International coverage of the July 7 snap election highlighted certain interesting things about how the world sees us. It is clear that a significant percentage of correspondents and columnists from major global media organizations, influenced by the pragmatic turnaround of Alexis Tsipras and above all by the Prespes Accord, have lost touch with the situation on the ground in Greece as it evolved over the last four years.
They see fiscal targets that are met, a drop in unemployment, strengthened Greek-American ties, progressive talk about immigration and the resolution of the Macedonian name dispute. They ignore over-taxation, paltry growth, the clientelism that ran rampant in the civil service, interventions in the judicial system and the media, and the hell-hole migrant camps of Moria and Samos. We were even told that Mr Tsipras saved the country from financial collapse – without mention of the fact that it was he who brought us closer than ever to it, with the unforgivable acrobatics of 2015.
At the same time, there appears to be a lot of skepticism about Prime Minister Kyriakos Mitsotakis. Much is being written about political dynasties and not enough about the ways in which the new prime minister has distanced himself from the worst of his party’s time-worn practices. Even those commentators who recognize that he stands apart tend to overstate the influence of nationalist and statist populism in New Democracy, ignoring its big-tent nature and its traditionally pro-European stance. We are already seeing Mr Mitsotakis coming under severe criticism on issues over which Mr Tsipras was given a pass.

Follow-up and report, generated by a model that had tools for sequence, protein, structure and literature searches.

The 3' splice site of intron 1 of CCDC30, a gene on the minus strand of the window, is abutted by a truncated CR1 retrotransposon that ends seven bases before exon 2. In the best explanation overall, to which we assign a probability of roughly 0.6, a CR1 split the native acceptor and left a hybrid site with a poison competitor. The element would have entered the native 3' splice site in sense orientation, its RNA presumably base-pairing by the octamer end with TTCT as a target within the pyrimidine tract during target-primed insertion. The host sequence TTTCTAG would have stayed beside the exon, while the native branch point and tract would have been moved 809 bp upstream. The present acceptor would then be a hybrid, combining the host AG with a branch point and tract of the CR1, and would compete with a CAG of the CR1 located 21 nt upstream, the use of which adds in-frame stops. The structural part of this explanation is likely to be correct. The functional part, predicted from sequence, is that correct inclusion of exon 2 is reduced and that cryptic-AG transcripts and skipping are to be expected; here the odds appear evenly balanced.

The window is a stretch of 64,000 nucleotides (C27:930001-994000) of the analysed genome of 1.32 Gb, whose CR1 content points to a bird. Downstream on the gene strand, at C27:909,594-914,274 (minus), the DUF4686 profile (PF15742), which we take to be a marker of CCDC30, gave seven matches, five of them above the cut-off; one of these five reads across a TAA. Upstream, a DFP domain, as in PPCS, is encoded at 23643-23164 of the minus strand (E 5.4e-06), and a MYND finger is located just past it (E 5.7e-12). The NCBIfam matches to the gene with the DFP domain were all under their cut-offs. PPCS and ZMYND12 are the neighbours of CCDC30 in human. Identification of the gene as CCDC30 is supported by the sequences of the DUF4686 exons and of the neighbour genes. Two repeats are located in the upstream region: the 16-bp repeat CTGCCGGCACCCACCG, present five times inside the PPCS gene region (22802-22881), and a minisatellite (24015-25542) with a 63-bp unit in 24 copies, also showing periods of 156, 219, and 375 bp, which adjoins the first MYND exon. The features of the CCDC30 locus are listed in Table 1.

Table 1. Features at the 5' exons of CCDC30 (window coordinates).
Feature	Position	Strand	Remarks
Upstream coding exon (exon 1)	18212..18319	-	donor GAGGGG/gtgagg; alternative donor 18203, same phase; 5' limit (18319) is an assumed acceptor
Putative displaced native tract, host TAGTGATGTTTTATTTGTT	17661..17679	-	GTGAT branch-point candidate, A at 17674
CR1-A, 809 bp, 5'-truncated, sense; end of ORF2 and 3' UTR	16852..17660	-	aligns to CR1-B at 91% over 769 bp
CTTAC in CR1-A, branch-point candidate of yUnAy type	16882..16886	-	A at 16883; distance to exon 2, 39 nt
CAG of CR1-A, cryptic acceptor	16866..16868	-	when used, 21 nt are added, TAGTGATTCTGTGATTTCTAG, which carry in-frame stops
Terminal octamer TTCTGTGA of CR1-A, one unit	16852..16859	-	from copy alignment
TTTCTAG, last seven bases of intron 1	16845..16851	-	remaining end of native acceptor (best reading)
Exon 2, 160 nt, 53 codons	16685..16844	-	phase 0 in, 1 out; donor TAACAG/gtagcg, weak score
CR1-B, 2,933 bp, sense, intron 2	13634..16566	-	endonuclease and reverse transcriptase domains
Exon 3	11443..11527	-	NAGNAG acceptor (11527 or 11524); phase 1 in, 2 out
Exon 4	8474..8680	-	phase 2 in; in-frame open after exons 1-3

It would be advisable, nevertheless, for the new government’s supporters to recall that this skepticism from international media did not come out of thin air. The last time ND ruled with an absolute majority, it led the country to bankruptcy. Many of the key players from that era are still in frontline politics; almost all of its more promising new candidates failed to get elected; the party’s nationalist wing is stronger than in 2009; and the break from the sinful practices of the past has been hesitant.
Mr Mitsotakis, in other words, cannot expect the automatic support of the international press – and of Greece’s partners. He must earn it – and it won’t be easy.